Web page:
Why Giants stockpiled starters this offseason
This story was excerpted from Maria Guardado’s Giants Beat newsletter. To read the full newsletter, click here. And subscribe to get it regularly in your inbox.
After letting All-Star left-hander Carlos Rodόn walk via free agency, the Giants opted to take a strength-in-numbers approach to filling the massive hole in their starting rotation.
Rather than target another elite starter who could serve as Logan Webb’s co-ace, the Giants decided to sign two veterans -- Ross Stripling and Sean Manaea -- to identical two-year, $25 million deals that include opt-outs after the 2023 season. Between Stripling and Manaea and holdovers Webb, Alex Cobb, Alex Wood, Anthony DeSclafani and Jakob Junis, the Giants are now poised to head into Spring Training with seven capable starters on their 26-man roster.
President of baseball operations Farhan Zaidi said he hopes the extra layers of depth will help guard against injuries and protect the club’s bullpen, which was leaned on heavily down the stretch last year. If everyone stays healthy, the Giants could go with a six-man rotation or experiment with tandem starts to better manage their pitchers’ workloads this season.
“I think it's really going to be a mix,” Zaidi said in December. “There may be some situations in which we go to a six-man rotation for a period of time. The drawback of that is you're down to a seven-man ‘pen, but if you have rested starters who are going deep into games and you have guys in the bullpen that can throw multiple innings, that can help mitigate that. I think there will be times we do that.
“There will be times when we tandem guys and try to use two of our starters to get through an entire game and give the rest of the ‘pen a day off. That's something we've heard a lot from our relievers over the last couple years. There's a lot of value -- and it's kind of intuitive, I think -- in games where pretty much the entire ‘pen has the day off. If you could have a guy throw five innings and then a guy come in behind him and throw the final four, that’s huge for the entire bullpen. This isn't a strategy or matching up type thing as much as it is a load management thing and a way to keep everybody healthy.”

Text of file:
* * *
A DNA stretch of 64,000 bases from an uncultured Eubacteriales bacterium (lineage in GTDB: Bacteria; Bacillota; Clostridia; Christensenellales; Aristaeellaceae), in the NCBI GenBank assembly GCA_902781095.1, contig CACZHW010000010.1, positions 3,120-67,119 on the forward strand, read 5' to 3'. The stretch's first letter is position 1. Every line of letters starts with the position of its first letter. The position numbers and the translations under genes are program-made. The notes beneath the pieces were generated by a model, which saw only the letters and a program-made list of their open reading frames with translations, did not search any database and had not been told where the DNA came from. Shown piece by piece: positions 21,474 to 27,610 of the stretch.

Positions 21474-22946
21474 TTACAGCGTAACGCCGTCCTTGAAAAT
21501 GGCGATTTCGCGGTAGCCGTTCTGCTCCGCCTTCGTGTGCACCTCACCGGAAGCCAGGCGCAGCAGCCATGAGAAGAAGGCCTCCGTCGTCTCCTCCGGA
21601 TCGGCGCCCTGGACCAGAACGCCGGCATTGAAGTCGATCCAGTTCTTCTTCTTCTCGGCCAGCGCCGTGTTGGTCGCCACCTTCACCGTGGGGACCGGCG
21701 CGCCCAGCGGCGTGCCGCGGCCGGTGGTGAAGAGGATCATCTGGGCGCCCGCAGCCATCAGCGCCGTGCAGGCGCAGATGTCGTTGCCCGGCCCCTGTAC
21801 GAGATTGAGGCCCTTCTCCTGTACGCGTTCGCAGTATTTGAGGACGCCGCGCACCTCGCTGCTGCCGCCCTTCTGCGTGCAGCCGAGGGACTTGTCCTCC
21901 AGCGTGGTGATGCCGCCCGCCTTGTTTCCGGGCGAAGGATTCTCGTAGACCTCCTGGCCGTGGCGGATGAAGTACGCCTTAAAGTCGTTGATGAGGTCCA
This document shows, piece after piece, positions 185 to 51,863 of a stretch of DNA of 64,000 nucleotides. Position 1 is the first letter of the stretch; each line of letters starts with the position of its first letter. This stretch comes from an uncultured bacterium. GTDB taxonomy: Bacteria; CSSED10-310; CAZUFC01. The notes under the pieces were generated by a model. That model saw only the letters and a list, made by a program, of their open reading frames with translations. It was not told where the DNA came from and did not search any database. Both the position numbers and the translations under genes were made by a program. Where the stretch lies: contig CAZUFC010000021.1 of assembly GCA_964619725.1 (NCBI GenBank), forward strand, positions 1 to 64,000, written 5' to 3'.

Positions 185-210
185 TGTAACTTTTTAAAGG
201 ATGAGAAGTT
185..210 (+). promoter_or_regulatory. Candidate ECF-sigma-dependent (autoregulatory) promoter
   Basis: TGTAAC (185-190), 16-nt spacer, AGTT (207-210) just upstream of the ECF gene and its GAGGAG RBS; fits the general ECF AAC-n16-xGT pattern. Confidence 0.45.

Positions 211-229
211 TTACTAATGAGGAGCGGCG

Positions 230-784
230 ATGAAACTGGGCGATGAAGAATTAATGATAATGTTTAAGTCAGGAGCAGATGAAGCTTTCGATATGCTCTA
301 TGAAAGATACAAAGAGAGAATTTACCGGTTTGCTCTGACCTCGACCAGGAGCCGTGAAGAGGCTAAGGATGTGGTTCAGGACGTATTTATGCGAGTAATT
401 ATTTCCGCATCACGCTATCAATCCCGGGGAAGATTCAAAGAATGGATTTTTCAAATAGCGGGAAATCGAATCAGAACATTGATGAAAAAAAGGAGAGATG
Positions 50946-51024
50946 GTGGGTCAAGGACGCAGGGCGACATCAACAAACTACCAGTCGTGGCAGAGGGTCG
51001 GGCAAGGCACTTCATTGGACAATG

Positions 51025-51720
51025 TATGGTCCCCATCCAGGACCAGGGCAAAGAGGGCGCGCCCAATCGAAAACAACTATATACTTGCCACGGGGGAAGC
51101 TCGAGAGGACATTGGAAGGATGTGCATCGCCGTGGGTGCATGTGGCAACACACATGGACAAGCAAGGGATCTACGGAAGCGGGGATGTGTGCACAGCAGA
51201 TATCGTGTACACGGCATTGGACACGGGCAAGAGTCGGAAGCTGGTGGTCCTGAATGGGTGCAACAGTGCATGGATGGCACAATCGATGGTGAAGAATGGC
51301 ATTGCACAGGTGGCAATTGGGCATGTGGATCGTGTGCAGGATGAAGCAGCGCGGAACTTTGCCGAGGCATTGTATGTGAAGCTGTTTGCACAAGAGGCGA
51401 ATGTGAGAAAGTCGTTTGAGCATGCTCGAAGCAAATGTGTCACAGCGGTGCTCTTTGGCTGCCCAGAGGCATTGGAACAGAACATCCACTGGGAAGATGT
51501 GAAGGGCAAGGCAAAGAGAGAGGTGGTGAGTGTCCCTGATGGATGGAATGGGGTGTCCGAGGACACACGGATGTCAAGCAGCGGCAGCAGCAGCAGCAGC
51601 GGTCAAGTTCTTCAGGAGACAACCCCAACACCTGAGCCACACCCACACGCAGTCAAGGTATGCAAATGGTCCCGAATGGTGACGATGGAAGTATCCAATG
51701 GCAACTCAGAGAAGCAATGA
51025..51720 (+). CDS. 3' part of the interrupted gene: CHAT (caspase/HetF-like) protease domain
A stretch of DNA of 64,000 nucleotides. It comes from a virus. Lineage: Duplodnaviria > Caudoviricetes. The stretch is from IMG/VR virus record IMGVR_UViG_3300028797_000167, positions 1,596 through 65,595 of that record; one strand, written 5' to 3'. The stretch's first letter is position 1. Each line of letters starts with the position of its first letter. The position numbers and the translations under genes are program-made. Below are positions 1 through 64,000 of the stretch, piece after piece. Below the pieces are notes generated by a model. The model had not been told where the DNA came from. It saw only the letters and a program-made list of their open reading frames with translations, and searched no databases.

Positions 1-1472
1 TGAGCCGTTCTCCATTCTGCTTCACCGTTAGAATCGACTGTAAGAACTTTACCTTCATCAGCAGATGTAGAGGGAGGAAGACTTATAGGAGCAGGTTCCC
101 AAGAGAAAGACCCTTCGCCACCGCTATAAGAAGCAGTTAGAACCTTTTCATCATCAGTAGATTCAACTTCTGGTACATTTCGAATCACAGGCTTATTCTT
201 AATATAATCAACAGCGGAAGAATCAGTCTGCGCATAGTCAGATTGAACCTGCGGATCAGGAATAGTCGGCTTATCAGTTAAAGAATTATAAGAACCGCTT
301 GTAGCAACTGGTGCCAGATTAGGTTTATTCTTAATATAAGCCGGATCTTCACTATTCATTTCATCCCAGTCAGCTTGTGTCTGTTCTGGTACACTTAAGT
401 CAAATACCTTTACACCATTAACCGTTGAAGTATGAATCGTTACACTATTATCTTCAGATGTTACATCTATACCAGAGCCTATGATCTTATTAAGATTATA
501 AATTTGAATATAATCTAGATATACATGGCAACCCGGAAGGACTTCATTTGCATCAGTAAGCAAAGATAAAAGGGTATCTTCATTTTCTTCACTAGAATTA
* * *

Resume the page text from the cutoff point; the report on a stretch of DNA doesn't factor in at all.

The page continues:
Junis is expected to shift to more of a swingman role in 2023, so he seems likely to open the season in the bullpen as a multi-inning reliever. Wood and Stripling also have experience pitching in relief, though Stripling said the Giants currently view him as a starter. DeSclafani made only five appearances before undergoing season-ending right ankle surgery last year, so the Giants could look for ways to ease him back into action, as well.
The Giants’ lack of upper-level pitching depth forced them to rely on openers and bullpen games to cover innings in 2022, but they’re expecting to have better options at Triple-A Sacramento this year. Sam Long and Sean Hjelle could be candidates to provide length out of the bullpen if needed, and the Giants are hoping young starters such as Kyle Harrison -- the top left-handed pitching prospect in baseball -- Tristan Beck and Keaton Winn will be ready to make the jump to the Majors at some point in 2023.
“I just think back to last year and the strain that it causes both on the field and in the clubhouse and in the front office when you've got an injury and you literally don't have anybody to start an upcoming game,” Zaidi said. “You’ve got to start thinking about a bullpen game or selecting somebody to the roster that you hadn't really even thought of before. Those things can really be taxing, and to put yourself in a situation where you have sort of lines of defense before you get in that situation, that was part of the reason why we added multiple starters to a pretty full group as it is.”